White House: 'Not there yet' on healthcare bill

White House press secretary Sean Spicer on Monday said Congress is not ready to go ahead with a vote on major healthcare legislation, despite expressions of optimism from other aides. 

“We’re getting closer and closer every day, but we’re not there yet,” Spicer said when asked if there are enough votes in the House to put a bill on the floor.

Spicer said that the White House was not going to set a timeline and that it’s up to Speaker Paul RyanPaul RyanFive goals for Republicans this summer Five tax reform issues dividing Republicans GOP leader tempers ObamaCare expectations MORE (R-Wis.) and House GOP leadership to call a vote. He expressed confidence that the new GOP proposal to repeal and replace ObamaCare is going in the right direction.

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“I would never want to get in front of the Speaker,” Spicer said. “We have a good whip count. Ultimately, the Speaker and House leadership determine when to call a vote.”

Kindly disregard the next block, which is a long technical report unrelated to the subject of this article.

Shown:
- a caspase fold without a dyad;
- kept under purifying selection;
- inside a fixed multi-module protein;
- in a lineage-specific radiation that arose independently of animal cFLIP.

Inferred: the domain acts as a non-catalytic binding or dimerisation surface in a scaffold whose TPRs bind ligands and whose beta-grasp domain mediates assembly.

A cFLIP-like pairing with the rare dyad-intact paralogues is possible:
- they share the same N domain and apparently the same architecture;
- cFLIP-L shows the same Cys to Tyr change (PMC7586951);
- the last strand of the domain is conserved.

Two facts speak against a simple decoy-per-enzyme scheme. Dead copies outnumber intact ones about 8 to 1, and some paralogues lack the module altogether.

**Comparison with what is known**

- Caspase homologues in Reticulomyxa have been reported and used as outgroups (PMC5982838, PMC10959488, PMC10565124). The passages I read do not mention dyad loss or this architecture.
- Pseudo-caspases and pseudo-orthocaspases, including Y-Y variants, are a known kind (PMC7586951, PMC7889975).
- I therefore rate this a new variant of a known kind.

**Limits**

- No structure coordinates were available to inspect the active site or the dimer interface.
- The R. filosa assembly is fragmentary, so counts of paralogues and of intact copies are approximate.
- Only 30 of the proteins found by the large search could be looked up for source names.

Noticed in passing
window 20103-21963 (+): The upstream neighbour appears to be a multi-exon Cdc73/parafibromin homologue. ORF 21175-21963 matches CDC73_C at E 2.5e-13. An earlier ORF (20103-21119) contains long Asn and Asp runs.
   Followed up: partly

“We feel confident in the direction it’s going, seeing more and more members come on board. We feel very good.”

The comments came after White House chief of staff and National Economic Council Director Gary Cohn expressed confidence a vote would be held this week. 

“I think we do,” Cohn said on CBS News when asked if Republicans had enough votes to pass it. 

“This is going to be a great week,” he said. “We’re going to get healthcare down to the floor of the House. We’re convinced we’ve got the votes, and we’re going to keep moving on with our agenda.”

During a separate interview with CBS, White House chief of staff Reince Priebus said he believes there will be a vote this week.

"I certainly hope so. ... I think it will happen this week,” he said. 

The White House's penchant for setting arbitrary deadlines for congressional action on repealing and replacing ObamaCare has irked top GOP offices.

Yet time is running out for the House to act on the healthcare bill, with the budget window set to close later this month.

The Hill's whip count indicates the latest version of the bill might not have enough support to pass the House.